Vietnam, on the other hand, put the issue on the backburner as it focused on gaining preferential trade status (Permanent Normal Trade Relations) for exports to the huge U.S. market.
While Washington and Hanoi established full diplomatic relations in 1995, it wasn’t until 2002 that the two governments held a joint conference on the impact of Agent Orange and other herbicides on Vietnam and its people.
Much of those funds have been earmarked for a clean-up project at the former giant U.S. military base at Da Nang, which is 824 km from the capital, Hanoi. The project is expected to be completed in 2016.
The U.S. military sprayed Agent Orange and other herbicides over many parts of rural Vietnam, destroying millions of hectares of forests in an attempt to deny the Viet Cong insurgents and their North Vietnamese allies cover and food.
Two-thirds of the herbicide contains dioxin. According to the National Institute for Environmental Health Science, dioxin is a compound found to cause cancer and diabetes, as well as a host of other diseases.
A scientific report in 1969 also concluded that the herbicide can cause birth defects in laboratory animals, thus leading U.S. forces to halt the use of Agent Orange in 1970.
A 1994 Institute of Medicine study records that there was a growing number of Vietnam veterans who have fathered handicapped children. Many still dispute the link between Agent Orange and birth defects—Vietnam veterans in the United States still cannot claim benefits for birth defects in their children.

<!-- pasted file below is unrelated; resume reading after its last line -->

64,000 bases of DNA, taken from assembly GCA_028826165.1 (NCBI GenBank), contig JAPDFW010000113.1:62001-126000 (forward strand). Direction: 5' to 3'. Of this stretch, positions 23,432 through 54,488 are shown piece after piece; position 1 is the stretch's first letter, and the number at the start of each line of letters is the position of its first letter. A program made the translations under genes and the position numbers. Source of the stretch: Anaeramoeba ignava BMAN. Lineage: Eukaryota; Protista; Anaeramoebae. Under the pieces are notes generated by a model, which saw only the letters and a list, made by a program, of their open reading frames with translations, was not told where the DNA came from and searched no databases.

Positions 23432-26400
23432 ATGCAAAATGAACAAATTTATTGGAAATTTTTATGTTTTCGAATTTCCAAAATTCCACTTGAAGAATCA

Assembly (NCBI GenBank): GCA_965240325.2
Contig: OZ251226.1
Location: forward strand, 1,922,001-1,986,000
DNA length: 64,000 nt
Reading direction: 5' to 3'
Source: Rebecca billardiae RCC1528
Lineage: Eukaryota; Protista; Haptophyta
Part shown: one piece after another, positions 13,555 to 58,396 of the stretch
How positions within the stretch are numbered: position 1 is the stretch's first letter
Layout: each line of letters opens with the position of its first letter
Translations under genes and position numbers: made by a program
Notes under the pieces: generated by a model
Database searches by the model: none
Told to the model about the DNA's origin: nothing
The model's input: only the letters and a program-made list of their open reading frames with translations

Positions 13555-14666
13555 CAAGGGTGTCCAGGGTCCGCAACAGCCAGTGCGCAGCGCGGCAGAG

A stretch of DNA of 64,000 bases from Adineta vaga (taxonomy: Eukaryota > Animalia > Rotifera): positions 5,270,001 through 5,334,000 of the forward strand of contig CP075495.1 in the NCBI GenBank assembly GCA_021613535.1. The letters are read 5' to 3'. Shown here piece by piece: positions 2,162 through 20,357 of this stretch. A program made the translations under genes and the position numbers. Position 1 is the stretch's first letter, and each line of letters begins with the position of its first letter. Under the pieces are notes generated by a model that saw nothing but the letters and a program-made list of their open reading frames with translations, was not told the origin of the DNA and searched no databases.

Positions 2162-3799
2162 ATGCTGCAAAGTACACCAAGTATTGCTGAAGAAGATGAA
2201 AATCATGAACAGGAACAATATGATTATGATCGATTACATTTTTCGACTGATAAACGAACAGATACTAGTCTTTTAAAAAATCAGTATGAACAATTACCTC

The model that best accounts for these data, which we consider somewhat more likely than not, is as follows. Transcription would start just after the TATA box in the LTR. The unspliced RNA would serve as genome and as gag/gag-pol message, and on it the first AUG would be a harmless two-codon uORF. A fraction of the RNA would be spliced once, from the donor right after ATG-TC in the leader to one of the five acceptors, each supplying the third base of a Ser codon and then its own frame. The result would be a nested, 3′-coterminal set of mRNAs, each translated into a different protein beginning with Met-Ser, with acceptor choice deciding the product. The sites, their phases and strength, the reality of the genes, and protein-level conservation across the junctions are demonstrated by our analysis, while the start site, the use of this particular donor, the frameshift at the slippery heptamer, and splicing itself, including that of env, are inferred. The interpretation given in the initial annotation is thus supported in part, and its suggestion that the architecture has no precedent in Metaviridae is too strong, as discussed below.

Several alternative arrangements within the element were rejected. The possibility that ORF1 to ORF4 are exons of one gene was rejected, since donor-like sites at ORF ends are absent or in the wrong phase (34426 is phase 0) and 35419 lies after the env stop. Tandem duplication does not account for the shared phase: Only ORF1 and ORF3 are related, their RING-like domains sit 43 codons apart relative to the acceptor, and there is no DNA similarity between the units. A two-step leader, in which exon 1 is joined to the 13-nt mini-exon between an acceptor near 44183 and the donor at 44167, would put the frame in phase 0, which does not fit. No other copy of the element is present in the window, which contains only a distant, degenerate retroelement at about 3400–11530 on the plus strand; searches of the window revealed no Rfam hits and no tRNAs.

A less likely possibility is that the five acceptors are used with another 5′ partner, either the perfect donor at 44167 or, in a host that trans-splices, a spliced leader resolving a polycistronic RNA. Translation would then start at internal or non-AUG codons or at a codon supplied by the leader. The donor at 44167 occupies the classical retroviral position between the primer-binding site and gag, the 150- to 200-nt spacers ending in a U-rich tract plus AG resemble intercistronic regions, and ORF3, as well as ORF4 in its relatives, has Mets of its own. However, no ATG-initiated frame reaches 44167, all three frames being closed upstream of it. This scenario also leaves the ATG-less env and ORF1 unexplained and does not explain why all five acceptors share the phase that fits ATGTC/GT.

While welcoming Washington’s new aid programme, some activists who have long called for the U.S. to help Vietnam address the problems left behind by Agent Orange insist that U.S. should both do more and provide more direct assistance to Vietnamese groups on the ground who believe that the United States’ funds could be better distributed.
Susan Hammond, executive director of the War Legacies Project, said she hopes to see more of the money go to rural Vietnam.
“U.S. funding, at this point, is pretty much limited to the Da Nang area,” Hammond said. “In rural areas, families are pretty much left on their own.”
Tim Rieser, Leahy’s chief staffer with the Senate subcommittee that deals with foreign aid, recalled that it was initially very difficult to obtain any funding from the government.
“The State Department and Pentagon were very resistant to the idea of any kind of action by the U.S. that might be interpreted as reparations or compensation,” he said.
“It took over a year to reach an agreement with them that what we were talking about was not either of those things, but it was of trying to work with the Vietnamese government to address the problems that we obviously have responsibility for.”
Rieser said he is currently urging the Pentagon to help fund the cleanup of the Bien Hoa airbase, 1,702 km from the capital. He said the area could well contain even higher levels of dioxin than Da Nang. And he urged Obama to include additional money in his proposed 2016 budget.
“Ideally, if the president would include money in the budget, it would make our lives much easier,” he said. “But at the very least when there are opportunities – like when the president goes to Vietnam or the general secretary comes here – to reaffirm the commitment of both countries to continue working on this issue. [That] is almost as important as providing the funds.”
Edited by Kanya D’Almeida
IPS is an international communication institution with a global news agency at its core,
raising the voices of the South
and civil society on issues of development, globalisation, human rights and the environment
Copyright © 2019 IPS-Inter Press Service. All rights reserved. - Terms & Conditions
You have the Power to Make a Difference
Would you consider a $20.00 contribution today that will help to keep the IPS news wire active? Your contribution will make a huge difference.